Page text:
Foureur et al. (2013) researched two teaching hospitals in New South Wales (NSW), conducting qualitative and quantitative studies. In the study, 20 midwives and 20 nurses participated in a one day workshop, receiving “mindfulness-based stress reduction” (Schlieter, 2017, p. 447), practising meditation up to eight weeks daily, and completing pre and post measures of interventions. Foureur et al. (2013, p. 114) found that the quantitative results included substantial advances in the “general health questionnaire, sense of coherence and the stress subscale of the depression, anxiety and stress scale”, resulting in significant improvements in stress management. Also, Foureur et al. (2013, p. 114) found that qualitative data helped the suitability and acceptability of the study while indicating further “randomised controlled trials”. However, this study was limited to less heterogeneous samples, reducing the total effect on the organisational culture. The study strongly adds weight to the major aim of the paper, indicating that the well-organised coping strategies could reduce the impact of stressors in Australian nurses.
Social Support as a Resilience
Cope, Jones, and Hendricks (2016) conducted a qualitative study, involving registered nurses (N=9) from aged care, educational and acute care settings, located in Western Australia (WA). Nurses were interviewed and voice recorded with consent. An interview guide was used to meet objectives, expanding the elucidation of resilience in a long-term practice, and the cause of remaining in nursing. Data consisted of "field notes, memos and gesture drawings interviews" (Cope et al., 2016, p. 89), gathering individual stories which were presented as narrative portraitures. Results indicate that nurses manage stressors with the support of co-workers, acquaintances and family. Sample size and settings were disseminated in a limited range, and results were highly subjective and not applicable to a greater population. The findings sustain the objectives, concluding that social assistance is a form of resilience.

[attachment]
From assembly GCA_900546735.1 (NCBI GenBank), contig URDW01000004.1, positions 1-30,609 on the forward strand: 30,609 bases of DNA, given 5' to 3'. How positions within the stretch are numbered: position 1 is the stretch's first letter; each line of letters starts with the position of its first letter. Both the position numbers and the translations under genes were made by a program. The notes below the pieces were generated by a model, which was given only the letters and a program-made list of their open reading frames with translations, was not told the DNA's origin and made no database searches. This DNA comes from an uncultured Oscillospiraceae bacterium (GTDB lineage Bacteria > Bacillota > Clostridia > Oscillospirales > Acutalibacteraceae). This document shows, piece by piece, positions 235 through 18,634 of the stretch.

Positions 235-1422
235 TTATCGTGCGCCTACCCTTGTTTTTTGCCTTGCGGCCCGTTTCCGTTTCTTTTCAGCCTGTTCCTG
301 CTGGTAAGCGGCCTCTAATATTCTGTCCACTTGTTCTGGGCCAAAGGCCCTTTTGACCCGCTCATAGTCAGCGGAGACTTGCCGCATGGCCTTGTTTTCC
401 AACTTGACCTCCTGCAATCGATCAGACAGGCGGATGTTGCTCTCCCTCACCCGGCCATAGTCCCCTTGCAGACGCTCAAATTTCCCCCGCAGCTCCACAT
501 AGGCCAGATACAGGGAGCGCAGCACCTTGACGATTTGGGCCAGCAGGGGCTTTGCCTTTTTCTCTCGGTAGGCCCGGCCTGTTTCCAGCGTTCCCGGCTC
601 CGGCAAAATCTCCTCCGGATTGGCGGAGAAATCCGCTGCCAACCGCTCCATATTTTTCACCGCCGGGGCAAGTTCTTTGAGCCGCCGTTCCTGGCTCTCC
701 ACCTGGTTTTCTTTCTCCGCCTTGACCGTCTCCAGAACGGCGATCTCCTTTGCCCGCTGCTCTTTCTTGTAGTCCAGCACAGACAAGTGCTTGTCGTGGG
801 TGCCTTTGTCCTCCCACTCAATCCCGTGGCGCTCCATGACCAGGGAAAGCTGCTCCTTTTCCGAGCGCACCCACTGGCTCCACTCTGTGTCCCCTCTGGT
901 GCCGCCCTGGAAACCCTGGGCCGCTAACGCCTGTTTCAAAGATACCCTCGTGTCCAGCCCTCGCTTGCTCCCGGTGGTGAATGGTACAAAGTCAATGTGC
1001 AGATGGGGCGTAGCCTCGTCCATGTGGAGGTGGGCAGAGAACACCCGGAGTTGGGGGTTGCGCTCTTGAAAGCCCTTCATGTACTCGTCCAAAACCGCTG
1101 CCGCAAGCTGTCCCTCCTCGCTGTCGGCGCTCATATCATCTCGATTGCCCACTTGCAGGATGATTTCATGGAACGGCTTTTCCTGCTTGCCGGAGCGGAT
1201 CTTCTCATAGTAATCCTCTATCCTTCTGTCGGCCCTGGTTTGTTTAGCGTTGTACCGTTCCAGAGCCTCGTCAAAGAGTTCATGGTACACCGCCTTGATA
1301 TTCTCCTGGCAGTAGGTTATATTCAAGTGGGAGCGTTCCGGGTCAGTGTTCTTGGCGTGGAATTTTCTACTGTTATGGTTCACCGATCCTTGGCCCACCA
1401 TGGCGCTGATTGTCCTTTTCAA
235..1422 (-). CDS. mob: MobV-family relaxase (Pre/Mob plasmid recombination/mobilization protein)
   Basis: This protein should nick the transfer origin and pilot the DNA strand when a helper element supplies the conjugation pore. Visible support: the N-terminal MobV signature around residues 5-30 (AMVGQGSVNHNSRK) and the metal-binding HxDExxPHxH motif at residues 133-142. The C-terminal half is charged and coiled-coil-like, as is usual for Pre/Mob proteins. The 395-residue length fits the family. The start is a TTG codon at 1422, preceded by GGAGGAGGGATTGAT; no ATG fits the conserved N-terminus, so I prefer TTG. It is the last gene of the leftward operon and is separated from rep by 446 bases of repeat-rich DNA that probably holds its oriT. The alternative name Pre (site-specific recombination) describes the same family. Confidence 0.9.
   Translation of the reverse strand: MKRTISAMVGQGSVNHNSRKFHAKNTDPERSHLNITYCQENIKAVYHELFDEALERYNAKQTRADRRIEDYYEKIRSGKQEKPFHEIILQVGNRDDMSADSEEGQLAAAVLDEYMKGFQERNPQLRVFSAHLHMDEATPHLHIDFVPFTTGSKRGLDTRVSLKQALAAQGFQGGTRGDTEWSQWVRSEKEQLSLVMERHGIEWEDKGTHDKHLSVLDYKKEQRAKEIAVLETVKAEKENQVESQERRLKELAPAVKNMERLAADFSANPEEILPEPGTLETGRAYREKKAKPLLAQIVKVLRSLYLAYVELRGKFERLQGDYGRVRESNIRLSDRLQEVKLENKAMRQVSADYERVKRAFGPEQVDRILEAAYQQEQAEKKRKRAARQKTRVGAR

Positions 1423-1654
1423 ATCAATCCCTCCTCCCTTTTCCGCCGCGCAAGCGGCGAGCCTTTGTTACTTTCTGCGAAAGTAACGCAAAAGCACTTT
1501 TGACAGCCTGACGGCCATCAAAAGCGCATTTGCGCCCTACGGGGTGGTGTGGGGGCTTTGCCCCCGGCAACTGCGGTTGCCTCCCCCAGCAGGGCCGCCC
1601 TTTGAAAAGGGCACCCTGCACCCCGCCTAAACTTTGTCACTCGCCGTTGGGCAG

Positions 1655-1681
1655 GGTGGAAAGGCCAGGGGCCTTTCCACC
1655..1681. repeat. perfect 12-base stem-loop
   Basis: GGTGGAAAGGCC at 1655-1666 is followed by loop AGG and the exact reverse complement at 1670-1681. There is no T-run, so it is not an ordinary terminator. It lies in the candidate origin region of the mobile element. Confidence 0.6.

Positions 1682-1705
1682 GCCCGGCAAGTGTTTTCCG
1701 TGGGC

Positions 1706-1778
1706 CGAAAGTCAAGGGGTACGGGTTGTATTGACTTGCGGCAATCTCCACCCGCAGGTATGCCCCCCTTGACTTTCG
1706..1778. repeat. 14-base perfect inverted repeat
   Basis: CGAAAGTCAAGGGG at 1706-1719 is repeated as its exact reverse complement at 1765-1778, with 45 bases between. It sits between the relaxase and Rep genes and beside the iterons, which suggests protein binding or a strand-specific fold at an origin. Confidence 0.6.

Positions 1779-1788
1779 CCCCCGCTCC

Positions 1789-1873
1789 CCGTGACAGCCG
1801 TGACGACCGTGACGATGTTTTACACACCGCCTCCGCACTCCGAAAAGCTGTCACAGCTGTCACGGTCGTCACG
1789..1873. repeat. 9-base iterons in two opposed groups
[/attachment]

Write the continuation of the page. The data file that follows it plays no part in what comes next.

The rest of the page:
Emotional Distance as a Resilience
Hayward and Tuckey (2011) researched qualitatively on emotional regulation to improve resilience. The study was conducted in two South Australian (SA) metropolitan public hospitals. Nurses (N=90) were invited by letters and emails, and 12 nurses were participated, ranging from 24-52 years old and 14 months to 33 years of experience. Contrarily to Cope et al. (2016), this study implemented a “cognitive interview format” (Centofanti & Reece, 2006, p. 669) to retrieve possibly true stored memories from their work, exploring the coping strategies of their emotions with fewer errors. Structured interviews were used, but they presented with higher errors. Results depict that emotional distance between clients enhanced nurses’ performance. However, the backdated verbal communication data and the strategies were limited. The study reinforces the objective of the literature review by scrutinising emotional barriers as a coping strategy.